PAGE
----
Enough

Rachel Macy Stafford Stay at Home Parent 0 Comments

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Sometimes I find myself sitting behind the wheel of the car thinking,

Enough.

Enough with the bickering.

Enough with the chauffeuring, the gas-guzzling, the bumper-to-bumper.

Enough with the gum wads stuck between cracker-crumb filled crevices where nice leather seats used to be.

Enough, I say. Enough.

Sometimes I find myself staring at my reflection in the mirror thinking,

Enough.

Enough with the wrinkles, the puffiness, and the sleep-deprived eyes.

Enough with the loose skin and the unstoppable gray hairs.

Enough with the laugh lines that look anything but happy.

Enough, I say. Enough.

Sometimes I find myself standing in front of an open refrigerator thinking,

Enough.

Enough with the meal prep: morning, noon, and night.

Enough with the picky eater, the slow eater, the dirty dishes, and lack of counter space.

Enough with finding the unachievable balance of nutritious and kid-approved.

Enough, I say. Enough.

Sometimes I find myself gazing at photos of tropical beaches and secluded getaways thinking,

Enough.

Enough with the perpetual ticking clock,

Enough with the steady stream of demands, the dust bunnies, and missing library books.

Enough with the needs of others that never seem to be satisfied.

Enough, I say. Enough.

But then something happens to pull me out of my negative abyss and set my head on straight.

I arrive home from a school meeting—a meeting that every fiber in my body wanted to skip. But I went because it’s one of my parental duties, to be informed for my children.

I get home, and I creep into the house praying they’ll all be asleep.

“She was really sad, so I assured her you would kiss her goodnight when you got home,” my husband tells me about our youngest child with an apologetic look.

I huff. I sigh. And then I climb the stairs with lead feet, as if my energy has suddenly been entirely depleted.

I open her door softly. The light from the hall spills into her darkened room. I see tear-streaked cheeks that are still wet. With a visible sigh of relief, she smiles at me and quickly wipes her face, clearly embarrassed by her state of duress.

“I don’t like it when you’re not here to tuck me in,” she offers as if her breakdown needs explanation.

I open my arms and hold her for a moment. And like an overextended inner tube stretched beyond capacity, my child is the key to releasing all that is pent up. I feel the pressure slowly seep from my body as my shoulders begin to relax.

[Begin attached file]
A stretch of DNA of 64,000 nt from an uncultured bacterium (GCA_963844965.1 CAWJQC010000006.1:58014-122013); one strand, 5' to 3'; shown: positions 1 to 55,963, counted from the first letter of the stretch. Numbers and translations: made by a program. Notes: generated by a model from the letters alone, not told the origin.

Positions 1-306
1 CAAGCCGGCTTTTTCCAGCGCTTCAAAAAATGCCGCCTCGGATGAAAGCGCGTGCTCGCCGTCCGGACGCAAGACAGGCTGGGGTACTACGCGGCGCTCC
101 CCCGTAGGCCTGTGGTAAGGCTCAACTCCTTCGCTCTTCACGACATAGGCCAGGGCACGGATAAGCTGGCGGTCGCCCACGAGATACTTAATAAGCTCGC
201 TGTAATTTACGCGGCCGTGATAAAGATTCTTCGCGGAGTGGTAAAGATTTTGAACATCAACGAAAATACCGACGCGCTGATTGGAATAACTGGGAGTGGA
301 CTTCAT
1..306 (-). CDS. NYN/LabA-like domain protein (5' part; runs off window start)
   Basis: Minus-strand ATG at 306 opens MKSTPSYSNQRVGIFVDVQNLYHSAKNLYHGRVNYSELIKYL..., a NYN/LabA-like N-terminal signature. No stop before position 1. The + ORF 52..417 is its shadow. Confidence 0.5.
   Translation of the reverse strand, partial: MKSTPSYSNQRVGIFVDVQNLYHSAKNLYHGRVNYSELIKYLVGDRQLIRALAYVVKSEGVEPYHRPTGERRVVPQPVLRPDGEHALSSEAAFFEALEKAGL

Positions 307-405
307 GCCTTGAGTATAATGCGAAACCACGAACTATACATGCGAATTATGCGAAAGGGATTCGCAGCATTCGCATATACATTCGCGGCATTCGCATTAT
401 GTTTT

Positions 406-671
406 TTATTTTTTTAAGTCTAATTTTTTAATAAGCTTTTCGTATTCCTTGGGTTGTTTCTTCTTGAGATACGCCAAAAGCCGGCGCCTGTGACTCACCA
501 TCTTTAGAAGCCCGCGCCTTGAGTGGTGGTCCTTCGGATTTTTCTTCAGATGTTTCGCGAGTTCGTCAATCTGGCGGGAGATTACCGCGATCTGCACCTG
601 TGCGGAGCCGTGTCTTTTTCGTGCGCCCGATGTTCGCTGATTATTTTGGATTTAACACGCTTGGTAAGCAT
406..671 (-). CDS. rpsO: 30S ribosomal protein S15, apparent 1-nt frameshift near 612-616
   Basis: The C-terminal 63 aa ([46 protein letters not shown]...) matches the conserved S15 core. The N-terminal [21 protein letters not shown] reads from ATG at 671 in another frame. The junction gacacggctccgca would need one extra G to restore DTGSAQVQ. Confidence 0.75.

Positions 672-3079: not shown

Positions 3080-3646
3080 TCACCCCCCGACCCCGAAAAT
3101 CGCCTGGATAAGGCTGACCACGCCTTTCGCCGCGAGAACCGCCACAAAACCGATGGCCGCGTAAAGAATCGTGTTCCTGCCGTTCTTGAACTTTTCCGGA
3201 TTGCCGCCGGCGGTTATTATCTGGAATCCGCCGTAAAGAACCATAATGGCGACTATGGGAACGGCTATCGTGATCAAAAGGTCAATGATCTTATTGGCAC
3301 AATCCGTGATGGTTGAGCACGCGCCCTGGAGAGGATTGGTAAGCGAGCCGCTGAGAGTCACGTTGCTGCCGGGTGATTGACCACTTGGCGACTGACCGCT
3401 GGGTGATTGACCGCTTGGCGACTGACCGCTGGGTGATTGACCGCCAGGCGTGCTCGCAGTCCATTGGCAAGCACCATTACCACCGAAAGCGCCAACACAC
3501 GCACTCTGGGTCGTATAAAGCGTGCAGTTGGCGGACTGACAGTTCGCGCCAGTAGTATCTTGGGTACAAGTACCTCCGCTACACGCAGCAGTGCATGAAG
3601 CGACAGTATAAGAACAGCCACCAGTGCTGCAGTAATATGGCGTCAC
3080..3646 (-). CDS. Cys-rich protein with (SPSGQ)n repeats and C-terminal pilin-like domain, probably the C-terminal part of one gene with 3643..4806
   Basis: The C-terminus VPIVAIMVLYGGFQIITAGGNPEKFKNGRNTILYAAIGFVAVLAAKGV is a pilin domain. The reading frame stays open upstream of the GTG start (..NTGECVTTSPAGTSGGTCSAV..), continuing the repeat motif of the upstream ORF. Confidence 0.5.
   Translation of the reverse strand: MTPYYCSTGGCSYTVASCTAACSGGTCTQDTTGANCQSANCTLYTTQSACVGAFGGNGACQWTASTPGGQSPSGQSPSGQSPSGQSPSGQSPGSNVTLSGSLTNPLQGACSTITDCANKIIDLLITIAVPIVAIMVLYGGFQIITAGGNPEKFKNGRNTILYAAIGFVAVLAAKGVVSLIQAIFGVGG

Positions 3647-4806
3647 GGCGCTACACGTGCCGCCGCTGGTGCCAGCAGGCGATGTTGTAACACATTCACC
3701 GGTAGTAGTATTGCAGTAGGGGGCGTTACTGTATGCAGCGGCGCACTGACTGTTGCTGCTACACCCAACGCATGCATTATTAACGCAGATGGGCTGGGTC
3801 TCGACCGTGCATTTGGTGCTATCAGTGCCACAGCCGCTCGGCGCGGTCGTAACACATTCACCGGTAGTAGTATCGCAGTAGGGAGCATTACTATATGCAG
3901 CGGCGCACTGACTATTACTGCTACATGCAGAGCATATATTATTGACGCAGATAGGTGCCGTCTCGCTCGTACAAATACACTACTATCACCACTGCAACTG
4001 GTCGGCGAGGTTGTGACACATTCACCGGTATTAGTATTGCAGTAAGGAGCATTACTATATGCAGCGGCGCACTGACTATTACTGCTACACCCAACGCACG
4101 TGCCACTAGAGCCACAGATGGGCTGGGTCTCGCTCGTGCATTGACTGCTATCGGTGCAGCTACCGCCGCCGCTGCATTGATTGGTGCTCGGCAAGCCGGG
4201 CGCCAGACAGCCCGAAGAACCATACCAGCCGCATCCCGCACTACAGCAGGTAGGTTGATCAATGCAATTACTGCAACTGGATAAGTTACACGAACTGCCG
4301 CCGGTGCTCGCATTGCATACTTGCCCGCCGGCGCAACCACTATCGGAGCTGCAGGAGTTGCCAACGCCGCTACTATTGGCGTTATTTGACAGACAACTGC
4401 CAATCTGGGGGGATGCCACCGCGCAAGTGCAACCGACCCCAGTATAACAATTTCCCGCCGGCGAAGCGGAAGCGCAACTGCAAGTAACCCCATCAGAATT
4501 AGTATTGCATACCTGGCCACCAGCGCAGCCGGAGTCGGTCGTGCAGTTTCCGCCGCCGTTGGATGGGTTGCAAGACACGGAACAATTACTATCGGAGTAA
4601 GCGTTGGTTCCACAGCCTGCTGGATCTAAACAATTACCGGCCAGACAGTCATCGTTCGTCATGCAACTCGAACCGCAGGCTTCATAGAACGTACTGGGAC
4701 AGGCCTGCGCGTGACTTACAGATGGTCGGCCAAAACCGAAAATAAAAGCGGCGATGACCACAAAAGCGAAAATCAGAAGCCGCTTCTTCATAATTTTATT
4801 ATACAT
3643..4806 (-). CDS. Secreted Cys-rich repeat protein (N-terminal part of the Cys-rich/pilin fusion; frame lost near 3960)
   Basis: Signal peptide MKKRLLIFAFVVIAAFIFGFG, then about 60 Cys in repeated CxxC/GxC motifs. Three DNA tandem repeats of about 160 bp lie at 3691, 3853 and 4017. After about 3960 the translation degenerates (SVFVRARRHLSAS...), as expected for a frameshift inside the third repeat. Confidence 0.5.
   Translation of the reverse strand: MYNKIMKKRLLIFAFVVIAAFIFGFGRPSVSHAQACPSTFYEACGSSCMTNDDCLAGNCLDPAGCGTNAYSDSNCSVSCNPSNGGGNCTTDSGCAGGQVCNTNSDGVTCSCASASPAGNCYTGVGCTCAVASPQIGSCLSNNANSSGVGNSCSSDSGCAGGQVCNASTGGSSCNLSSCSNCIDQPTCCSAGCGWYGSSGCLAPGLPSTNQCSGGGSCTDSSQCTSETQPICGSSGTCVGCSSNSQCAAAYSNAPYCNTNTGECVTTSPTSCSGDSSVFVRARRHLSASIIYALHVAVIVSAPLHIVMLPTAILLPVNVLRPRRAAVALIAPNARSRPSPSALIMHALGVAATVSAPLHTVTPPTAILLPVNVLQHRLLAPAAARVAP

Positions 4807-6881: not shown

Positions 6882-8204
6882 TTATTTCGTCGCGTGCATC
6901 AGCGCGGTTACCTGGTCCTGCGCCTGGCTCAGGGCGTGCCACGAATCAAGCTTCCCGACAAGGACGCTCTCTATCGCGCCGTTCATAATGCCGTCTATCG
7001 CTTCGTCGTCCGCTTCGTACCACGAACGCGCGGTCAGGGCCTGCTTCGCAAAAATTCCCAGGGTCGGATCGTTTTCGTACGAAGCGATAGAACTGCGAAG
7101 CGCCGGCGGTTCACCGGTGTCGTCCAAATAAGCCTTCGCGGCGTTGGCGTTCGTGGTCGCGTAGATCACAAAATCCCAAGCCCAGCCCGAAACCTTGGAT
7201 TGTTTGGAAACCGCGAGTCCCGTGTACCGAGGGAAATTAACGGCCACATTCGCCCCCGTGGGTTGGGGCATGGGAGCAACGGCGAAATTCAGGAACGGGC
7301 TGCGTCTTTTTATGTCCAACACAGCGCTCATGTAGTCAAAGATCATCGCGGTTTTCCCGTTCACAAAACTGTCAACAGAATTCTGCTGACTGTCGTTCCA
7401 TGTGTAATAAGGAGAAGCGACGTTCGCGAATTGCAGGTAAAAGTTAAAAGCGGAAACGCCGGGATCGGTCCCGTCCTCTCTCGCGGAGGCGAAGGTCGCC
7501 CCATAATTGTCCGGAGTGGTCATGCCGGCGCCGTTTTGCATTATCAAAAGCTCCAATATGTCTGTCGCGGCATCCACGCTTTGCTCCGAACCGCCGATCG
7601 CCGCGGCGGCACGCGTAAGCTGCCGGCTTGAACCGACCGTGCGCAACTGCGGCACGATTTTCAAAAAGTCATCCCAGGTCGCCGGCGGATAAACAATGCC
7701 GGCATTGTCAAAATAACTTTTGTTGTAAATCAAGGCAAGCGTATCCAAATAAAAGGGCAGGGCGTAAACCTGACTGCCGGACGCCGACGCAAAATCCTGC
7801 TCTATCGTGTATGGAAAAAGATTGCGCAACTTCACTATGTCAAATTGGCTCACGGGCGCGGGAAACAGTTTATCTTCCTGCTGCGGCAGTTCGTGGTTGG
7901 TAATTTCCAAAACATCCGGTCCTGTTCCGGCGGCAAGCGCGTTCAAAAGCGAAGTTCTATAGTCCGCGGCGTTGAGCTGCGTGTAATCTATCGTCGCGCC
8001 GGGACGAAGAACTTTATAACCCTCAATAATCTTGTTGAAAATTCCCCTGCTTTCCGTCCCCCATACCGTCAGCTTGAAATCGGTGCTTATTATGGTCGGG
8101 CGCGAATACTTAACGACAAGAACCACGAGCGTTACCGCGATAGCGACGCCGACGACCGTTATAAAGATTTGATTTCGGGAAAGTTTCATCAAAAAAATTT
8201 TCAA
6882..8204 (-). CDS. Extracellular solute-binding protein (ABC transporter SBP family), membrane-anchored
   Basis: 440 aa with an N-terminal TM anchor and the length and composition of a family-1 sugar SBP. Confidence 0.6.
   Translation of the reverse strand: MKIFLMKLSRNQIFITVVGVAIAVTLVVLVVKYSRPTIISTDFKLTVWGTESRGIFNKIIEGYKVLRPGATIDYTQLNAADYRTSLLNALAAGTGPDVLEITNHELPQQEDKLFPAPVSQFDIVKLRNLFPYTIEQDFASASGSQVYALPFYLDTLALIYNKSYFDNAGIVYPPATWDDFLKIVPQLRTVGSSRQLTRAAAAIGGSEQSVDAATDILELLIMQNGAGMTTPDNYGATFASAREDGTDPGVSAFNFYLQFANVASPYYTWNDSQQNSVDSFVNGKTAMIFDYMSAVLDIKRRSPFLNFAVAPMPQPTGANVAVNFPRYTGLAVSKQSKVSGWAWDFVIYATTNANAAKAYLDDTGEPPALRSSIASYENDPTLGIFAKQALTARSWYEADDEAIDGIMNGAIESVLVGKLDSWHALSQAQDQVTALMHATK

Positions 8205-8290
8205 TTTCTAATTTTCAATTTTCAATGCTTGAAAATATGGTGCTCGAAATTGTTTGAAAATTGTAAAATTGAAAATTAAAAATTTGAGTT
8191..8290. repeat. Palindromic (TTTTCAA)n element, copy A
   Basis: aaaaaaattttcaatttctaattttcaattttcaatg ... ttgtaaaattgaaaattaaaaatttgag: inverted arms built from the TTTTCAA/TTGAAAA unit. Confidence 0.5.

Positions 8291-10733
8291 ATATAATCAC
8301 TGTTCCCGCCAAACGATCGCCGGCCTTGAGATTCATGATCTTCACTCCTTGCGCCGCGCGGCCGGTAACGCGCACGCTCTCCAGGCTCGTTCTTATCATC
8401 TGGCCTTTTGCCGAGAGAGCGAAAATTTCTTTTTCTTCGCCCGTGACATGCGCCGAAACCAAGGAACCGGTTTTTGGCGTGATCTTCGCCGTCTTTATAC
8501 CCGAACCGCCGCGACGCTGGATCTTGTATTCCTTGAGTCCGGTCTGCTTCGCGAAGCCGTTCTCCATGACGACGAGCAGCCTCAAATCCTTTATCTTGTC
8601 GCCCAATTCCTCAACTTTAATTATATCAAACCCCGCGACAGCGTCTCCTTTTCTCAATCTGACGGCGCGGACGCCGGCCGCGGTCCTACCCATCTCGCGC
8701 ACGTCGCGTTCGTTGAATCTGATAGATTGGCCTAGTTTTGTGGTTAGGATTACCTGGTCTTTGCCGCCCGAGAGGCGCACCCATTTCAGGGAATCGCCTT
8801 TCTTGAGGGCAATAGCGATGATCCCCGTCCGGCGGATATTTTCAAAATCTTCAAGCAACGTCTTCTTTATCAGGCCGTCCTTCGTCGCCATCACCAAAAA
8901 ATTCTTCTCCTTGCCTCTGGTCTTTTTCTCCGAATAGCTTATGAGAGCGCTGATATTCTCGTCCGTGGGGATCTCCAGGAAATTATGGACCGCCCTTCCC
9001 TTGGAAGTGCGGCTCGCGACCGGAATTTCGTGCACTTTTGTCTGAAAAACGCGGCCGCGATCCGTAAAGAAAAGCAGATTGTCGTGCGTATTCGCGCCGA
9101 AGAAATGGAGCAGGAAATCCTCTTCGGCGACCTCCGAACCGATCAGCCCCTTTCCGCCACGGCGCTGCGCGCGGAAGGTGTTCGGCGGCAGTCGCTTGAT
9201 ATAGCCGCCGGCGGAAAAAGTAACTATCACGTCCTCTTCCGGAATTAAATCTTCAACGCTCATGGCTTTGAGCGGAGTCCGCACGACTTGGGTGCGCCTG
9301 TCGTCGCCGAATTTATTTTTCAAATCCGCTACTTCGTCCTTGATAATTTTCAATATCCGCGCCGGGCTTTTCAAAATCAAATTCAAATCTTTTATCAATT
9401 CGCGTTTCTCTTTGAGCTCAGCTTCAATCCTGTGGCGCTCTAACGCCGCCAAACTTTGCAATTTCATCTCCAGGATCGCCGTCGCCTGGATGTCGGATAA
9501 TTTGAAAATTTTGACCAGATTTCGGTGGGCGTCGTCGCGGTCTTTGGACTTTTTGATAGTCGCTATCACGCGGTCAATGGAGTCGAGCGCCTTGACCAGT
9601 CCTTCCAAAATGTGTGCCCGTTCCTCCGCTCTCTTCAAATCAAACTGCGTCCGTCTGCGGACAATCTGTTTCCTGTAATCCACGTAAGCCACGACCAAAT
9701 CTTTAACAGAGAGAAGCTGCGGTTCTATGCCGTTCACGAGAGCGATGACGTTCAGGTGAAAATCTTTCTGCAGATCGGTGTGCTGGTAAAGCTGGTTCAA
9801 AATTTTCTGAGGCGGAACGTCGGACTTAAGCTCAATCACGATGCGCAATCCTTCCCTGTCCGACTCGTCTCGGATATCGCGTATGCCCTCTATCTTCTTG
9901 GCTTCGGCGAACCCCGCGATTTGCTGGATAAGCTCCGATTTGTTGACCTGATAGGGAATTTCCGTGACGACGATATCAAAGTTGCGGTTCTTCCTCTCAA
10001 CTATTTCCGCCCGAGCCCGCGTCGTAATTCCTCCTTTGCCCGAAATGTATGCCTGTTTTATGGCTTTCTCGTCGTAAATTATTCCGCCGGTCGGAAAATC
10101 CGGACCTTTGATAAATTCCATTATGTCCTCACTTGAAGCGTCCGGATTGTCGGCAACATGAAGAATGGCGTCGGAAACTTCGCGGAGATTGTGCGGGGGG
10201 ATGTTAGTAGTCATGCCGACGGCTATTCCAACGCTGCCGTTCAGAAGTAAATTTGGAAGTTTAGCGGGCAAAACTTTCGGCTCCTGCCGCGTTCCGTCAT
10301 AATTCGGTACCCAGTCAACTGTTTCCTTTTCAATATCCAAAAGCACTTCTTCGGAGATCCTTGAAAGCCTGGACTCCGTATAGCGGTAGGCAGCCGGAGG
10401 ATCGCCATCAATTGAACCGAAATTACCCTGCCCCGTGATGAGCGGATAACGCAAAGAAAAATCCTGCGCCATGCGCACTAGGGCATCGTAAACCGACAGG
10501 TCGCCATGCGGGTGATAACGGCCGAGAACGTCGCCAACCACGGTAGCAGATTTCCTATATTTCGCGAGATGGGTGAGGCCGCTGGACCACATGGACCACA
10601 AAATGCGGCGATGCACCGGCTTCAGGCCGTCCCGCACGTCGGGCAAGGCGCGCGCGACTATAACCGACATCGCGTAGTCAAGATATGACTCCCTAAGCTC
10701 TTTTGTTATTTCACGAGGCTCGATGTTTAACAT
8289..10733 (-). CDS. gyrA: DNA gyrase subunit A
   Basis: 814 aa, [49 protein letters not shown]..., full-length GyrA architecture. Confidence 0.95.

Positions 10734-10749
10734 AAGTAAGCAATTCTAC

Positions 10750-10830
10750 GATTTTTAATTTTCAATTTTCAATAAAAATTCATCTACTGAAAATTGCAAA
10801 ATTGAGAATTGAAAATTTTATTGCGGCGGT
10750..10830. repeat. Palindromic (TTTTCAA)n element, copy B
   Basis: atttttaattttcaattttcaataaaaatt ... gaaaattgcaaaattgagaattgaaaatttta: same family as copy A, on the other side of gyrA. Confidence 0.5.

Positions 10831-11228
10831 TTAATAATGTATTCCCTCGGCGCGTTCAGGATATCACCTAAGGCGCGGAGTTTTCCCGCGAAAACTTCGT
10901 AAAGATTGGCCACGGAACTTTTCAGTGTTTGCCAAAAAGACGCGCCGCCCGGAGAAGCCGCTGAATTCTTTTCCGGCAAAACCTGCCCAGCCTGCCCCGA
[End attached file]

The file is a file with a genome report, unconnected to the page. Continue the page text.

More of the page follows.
“There’s something on your bed,” she calls out as I bid her good night.

I promise to go look, but my thoughts are focused solely on taking off my uncomfortable shoes.

But it is there on my pillow waiting for me—a note in sublime kid penmanship, the most exquisite font available.

The note reads: “I’m glad that you are my mom.”

Suddenly. Powerfully. Salty tears begin streaming down my face, and I am reminded.

If I am not here for the bickering and the battles,
I am not here for the hugs and the hallelujahs.

If I am not here for the gray hairs and the grown-up worries,
I am not here for the giggles and the growing old.

If I am not here for the kitchen table sweeping and serving,
I am not here for the dinnertime prayers and praises.

If I am not here for temperature checks and teddy bear retrieval,
I am not here for the bed tucking and nighttime talks.

If I’m not here for the upheavals and the breakdowns,
I’m not here for the high hopes and the healing hands.

Sometimes when I say, “Enough,” I forget that enough has two sides. My life’s little joys—like morning hugs, sweet lips, and mispronounced words—are the soft side of enough. They are the cool side of the pillow on a sleepless night. In one turn, these little blessings soothe away the bad, the draining, and the ugliness of my life.

These small loving gestures are enough—enough to get me back up to do it all again tomorrow.

And although sometimes I find myself thinking, “It’s hard to be here today,” when it comes right down to it, there’s nowhere else I’d rather be.

***

About the Author

Rachel Macy Stafford

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December 2014
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